Federal OSHA does not have jurisdiction over private employers in Kentucky. Instead, Kentucky has approved a “State Plan” which is enforced by the Kentucky Occupational Safety and Health (KOSH) division of the Kentucky Labor Cabinet’s Department of Workplace Standards. KOSH is the state agency responsible for enforcing the provisions of the Kentucky Occupational Safety and Health Act, which aims to ensure that employers provide a safe working environment to their employees. Kentucky, like other State Plan states, was initially given up to 30 days to adopt the federal ETS or alternative regulations that are at least as effective as the ETS. Federal OSHA hasn’t modified these deadlines due to the recently dissolved stay. It is expected in the coming days that KOSH will announce its intentions as to whether Kentucky will adopt the federal ETS or some alternative regulations.
Importantly, Kentucky H.B. 475, signed into law on March 29, 2021 and taking effect July 2, 2021, replaced all provisions of Kentucky’s state workplace safety law. The new law, KRS Chapter 338, prohibits KOSH from adopting or enforcing any occupational safety and health administrative regulation that is more stringent than the corresponding federal provision. This means Kentucky employers can be sure that any ETS-related regulations issued by KOSH will be no more stringent than those set by the federal government.
Several bill have been filed in the Kentucky General Assembly concerning vaccine mandates required by employers. The intended effect of those bills range from prohibiting any employer mandate to allowing employees harmed by a vaccine to file a workers compensation claim. We will be be monitoring those and any related bills.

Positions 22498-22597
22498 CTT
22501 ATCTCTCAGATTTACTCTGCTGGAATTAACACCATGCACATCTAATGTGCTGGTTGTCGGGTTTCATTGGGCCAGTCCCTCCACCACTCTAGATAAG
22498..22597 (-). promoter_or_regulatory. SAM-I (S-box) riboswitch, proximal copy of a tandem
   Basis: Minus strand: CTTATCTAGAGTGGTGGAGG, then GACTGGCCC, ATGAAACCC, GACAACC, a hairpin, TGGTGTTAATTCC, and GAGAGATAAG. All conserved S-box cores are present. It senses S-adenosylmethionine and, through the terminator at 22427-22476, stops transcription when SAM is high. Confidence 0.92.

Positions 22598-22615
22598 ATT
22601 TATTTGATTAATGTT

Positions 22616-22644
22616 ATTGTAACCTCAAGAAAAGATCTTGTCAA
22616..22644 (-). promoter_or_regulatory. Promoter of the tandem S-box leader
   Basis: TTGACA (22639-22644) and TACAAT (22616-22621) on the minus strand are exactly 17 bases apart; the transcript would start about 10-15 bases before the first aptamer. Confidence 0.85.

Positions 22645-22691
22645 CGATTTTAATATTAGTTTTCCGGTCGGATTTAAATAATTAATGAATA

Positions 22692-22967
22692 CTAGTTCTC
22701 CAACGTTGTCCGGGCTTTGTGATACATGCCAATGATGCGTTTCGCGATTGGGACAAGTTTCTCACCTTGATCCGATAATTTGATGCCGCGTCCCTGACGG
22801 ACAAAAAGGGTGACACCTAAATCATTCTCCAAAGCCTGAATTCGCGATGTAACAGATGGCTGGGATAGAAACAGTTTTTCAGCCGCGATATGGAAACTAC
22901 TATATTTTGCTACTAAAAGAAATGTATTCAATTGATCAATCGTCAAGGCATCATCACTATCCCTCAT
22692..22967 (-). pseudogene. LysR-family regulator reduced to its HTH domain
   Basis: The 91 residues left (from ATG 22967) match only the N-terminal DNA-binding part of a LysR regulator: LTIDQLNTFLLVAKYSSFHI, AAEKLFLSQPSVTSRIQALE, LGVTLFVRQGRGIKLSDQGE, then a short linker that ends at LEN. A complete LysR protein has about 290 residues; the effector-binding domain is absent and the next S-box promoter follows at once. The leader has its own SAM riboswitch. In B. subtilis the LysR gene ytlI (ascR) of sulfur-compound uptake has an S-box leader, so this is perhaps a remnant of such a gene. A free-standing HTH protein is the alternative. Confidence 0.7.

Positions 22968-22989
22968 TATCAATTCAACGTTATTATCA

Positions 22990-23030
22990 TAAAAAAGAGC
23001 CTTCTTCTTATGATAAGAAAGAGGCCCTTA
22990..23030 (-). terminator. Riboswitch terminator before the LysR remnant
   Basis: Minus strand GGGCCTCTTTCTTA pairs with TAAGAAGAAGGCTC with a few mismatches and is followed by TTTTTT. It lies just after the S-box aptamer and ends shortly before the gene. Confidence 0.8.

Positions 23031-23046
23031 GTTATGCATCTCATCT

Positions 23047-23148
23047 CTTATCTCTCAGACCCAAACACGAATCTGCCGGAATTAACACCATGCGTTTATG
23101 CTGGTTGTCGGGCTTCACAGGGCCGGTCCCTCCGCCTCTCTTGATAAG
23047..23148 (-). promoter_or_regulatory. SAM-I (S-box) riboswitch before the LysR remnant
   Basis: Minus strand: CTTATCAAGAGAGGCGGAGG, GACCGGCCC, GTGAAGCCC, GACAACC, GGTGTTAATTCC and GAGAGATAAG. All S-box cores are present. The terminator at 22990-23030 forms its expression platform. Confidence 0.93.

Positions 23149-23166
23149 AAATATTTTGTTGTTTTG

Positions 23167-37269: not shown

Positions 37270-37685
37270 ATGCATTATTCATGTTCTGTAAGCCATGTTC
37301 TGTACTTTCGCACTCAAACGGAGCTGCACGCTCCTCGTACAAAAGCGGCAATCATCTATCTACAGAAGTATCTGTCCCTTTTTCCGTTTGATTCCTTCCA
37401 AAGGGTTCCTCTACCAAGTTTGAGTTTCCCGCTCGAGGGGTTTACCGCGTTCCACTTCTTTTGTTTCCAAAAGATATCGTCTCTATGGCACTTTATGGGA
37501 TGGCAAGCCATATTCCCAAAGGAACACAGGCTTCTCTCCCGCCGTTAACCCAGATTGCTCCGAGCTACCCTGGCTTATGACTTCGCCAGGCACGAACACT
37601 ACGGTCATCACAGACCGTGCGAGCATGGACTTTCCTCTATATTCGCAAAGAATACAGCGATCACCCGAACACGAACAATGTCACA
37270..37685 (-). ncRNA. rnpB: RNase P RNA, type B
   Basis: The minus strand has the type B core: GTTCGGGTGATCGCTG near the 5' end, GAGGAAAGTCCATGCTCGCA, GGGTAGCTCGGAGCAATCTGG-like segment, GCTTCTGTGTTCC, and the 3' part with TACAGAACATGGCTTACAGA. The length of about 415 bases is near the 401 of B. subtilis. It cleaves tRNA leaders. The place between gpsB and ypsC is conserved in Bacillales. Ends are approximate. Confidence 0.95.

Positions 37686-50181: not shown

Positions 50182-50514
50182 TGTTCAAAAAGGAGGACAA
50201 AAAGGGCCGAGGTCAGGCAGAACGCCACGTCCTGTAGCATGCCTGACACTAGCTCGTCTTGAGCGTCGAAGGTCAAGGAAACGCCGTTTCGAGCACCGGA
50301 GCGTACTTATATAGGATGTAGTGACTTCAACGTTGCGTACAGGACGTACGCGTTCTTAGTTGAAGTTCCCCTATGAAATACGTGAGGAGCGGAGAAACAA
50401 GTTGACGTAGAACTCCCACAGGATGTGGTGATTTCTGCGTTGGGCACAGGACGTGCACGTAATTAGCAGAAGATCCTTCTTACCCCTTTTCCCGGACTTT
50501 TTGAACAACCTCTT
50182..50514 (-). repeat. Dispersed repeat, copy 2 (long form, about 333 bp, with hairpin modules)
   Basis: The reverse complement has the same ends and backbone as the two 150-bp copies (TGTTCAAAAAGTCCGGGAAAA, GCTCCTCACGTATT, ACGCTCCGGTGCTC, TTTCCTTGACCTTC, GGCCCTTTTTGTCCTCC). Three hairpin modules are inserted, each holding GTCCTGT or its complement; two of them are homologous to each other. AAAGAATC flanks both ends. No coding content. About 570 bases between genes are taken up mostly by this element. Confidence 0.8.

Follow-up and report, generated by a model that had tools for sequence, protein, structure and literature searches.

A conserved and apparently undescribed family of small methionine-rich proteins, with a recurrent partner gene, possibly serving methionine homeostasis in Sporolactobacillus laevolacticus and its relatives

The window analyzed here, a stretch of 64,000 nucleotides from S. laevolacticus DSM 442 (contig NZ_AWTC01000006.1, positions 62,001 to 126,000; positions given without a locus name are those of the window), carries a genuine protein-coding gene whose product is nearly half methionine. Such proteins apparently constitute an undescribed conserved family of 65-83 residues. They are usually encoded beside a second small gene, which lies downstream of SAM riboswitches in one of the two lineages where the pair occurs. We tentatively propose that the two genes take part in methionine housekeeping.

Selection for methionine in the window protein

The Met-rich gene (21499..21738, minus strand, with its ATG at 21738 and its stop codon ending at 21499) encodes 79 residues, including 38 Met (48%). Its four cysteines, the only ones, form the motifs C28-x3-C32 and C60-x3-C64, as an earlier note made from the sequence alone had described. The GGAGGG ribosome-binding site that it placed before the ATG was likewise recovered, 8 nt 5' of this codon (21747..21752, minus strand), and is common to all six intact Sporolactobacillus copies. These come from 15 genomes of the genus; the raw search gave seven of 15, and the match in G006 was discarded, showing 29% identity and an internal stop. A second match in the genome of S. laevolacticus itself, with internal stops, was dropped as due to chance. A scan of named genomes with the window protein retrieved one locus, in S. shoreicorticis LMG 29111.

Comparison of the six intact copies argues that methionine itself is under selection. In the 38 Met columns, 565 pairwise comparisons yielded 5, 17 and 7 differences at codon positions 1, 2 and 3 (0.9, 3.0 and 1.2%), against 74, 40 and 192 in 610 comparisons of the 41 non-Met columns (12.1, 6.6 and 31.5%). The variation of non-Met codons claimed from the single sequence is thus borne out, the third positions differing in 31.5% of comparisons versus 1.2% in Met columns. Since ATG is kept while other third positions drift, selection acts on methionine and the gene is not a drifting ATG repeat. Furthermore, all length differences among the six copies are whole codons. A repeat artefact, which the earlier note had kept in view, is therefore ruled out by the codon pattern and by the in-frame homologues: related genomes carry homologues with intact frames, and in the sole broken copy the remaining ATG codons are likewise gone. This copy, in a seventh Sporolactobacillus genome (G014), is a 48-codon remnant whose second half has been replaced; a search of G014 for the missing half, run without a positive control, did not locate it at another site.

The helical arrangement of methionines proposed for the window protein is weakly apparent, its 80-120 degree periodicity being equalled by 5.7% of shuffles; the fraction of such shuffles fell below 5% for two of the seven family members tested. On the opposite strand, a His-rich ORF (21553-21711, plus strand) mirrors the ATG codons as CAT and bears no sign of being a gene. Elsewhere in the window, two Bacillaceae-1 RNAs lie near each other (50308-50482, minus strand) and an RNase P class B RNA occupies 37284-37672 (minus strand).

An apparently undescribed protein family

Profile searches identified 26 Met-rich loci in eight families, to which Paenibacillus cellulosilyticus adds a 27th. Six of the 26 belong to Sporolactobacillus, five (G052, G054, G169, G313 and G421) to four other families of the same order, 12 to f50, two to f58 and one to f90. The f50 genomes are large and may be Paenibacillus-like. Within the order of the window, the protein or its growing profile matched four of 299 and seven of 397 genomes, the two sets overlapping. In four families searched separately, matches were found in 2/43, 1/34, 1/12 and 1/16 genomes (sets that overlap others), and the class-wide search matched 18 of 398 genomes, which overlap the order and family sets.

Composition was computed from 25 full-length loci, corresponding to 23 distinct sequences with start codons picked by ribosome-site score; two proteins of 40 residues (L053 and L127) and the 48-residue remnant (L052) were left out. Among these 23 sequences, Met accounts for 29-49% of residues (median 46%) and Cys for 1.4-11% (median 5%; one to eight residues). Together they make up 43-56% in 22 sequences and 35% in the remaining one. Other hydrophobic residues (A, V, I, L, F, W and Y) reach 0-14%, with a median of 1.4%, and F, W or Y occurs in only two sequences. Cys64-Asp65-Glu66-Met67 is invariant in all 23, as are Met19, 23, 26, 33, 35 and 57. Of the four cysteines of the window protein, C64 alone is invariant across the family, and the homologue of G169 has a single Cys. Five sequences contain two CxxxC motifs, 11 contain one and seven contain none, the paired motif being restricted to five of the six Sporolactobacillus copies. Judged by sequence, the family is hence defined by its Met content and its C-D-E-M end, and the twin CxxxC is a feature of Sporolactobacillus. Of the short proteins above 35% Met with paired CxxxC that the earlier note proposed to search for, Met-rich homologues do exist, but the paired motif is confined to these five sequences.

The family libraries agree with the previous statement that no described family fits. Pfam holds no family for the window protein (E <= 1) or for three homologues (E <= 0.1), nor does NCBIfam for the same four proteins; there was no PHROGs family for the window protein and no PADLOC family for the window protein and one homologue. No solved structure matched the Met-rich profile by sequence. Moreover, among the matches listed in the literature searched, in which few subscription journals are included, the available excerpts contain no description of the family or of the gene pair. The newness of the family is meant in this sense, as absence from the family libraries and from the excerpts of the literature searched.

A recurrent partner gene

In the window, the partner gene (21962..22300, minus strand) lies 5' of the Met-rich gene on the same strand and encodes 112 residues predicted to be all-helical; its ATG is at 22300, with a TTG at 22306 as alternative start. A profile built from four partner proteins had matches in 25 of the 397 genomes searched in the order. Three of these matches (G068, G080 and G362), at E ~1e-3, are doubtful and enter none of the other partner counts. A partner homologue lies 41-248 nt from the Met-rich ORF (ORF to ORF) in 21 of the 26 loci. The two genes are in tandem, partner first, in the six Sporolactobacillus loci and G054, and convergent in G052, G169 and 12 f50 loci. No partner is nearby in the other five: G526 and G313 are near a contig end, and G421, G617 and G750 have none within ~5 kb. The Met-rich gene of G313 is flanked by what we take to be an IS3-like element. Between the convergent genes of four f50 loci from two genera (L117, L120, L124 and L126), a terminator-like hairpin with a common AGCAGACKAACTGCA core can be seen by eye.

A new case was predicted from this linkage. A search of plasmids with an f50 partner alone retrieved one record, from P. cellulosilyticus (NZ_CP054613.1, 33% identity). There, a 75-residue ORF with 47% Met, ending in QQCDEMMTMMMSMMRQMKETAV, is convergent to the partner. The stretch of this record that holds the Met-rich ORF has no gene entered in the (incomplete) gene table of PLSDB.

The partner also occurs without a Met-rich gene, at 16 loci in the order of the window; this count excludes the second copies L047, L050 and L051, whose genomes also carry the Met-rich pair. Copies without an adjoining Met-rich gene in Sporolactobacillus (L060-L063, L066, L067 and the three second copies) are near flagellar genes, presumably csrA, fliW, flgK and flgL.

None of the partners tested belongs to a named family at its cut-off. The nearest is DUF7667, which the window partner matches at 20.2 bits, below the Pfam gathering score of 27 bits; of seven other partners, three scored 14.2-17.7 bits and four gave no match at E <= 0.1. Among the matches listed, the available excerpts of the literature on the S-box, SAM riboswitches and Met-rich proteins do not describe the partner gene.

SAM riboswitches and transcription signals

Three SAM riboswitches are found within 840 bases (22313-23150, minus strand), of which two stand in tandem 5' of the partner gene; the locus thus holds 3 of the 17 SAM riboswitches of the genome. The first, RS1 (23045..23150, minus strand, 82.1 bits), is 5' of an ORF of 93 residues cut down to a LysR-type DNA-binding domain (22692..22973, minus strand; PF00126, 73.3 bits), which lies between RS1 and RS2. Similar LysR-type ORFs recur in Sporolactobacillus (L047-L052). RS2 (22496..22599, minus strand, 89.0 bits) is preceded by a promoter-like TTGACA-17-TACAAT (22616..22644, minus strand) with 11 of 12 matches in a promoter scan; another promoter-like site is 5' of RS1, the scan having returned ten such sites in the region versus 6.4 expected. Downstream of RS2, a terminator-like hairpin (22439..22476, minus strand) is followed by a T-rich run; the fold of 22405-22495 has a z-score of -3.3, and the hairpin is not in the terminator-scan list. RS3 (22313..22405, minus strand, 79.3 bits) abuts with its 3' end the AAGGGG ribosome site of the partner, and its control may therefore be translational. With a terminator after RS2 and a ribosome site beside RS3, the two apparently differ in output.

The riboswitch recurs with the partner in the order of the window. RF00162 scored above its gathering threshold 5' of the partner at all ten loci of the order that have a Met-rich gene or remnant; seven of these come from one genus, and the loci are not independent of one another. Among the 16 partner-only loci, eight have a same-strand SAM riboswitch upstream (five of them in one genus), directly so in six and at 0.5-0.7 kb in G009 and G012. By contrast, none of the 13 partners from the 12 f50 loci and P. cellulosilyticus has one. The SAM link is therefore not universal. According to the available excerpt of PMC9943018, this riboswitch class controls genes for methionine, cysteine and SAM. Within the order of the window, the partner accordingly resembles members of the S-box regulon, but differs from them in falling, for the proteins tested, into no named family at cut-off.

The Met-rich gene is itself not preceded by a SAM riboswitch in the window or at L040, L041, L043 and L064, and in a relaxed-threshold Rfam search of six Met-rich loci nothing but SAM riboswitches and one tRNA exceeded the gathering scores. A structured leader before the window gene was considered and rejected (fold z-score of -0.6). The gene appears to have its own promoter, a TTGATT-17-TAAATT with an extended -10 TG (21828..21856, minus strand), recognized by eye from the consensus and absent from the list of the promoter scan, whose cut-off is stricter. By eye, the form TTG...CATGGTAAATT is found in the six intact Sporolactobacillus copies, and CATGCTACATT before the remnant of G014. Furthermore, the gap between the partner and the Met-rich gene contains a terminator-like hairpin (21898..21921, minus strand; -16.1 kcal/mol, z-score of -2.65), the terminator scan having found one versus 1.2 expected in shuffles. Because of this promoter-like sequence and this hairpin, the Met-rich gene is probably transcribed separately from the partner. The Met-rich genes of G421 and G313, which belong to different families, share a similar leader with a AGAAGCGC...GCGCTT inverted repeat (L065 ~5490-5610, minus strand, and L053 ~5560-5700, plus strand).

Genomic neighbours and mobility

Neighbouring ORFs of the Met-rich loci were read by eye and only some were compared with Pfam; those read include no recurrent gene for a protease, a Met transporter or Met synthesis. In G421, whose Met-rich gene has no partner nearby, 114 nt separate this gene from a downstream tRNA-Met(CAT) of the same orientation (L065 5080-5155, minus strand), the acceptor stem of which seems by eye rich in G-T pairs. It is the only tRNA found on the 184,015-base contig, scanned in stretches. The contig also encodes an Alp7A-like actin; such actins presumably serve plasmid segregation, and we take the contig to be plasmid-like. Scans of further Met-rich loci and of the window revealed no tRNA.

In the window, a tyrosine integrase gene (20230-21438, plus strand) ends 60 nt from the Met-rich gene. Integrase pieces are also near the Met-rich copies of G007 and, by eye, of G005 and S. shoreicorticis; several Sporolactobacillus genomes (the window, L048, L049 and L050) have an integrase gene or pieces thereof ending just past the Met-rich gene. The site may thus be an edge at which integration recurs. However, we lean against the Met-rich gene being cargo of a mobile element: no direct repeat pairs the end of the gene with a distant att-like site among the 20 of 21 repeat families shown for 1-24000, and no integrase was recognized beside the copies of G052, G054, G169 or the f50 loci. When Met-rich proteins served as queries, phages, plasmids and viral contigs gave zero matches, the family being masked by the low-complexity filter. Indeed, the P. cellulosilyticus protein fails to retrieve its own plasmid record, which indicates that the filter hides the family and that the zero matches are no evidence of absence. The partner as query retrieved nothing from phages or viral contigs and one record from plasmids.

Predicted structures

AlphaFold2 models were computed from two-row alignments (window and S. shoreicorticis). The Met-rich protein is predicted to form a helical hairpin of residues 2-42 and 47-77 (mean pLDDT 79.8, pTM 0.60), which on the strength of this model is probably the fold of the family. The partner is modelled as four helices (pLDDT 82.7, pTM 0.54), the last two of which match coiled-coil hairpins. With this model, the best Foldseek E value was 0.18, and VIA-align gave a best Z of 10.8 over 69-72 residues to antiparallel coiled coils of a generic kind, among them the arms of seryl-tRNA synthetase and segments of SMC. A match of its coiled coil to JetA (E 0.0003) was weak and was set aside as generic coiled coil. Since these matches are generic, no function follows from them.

In states where the federal government enforces OSHA, the ETS is effective immediately.
- Federal OSHA states (applicable to private-sector employers) include:
- Alabama, American Samoa, Arkansas, Colorado, Connecticut, Delaware, District of Columbia, Florida, Georgia, Guam, Idaho, Illinois, Kansas, Louisiana, Maine, Massachusetts, Mississippi, Missouri, Montana, Nebraska, New Hampshire, New Jersey, New York, North Dakota, Northern Mariana Islands, Ohio, Oklahoma, Pennsylvania, Rhode Island, South Dakota, Texas, Virgin Islands, West Virginia, and Wisconsin.
- ETS Requirements
- Generally, OSHA’s ETS requires private employers with more than 100 employees to either mandate covered employees be fully vaccinated against COVID-19 or require covered employees that are not fully vaccinated to test for COVID-19 at least weekly and wear a face covering. Covered employers who ignore the ETS while it is in effect could face OSHA citations and penalties of up to $13,653 per violation, and additional citations or penalties as determined by OSHA or state OSHA for willful or egregious failures to comply.
- Deadlines for Federal OSHA states:
- January 10, 2022 – Establish vaccination policy; provide employees with information about the ETS and workplace policies; provide paid leave for employees to get vaccinated; establish reporting policies for COVID-related records; and determine vaccination status of each employee.
- February 9, 2022 – deadline for vaccines and weekly testing of employees is set to begin on February 9, 2022.
We are monitoring these developments in Kentucky and will provide updates as warranted. Although the legal landscape remains flux, employers subject to the OSHA ETS should consider preparing for compliance on the revised timetable. If you have questions about how to ensure your vaccine policies comply with Kentucky workplace laws, please contact us.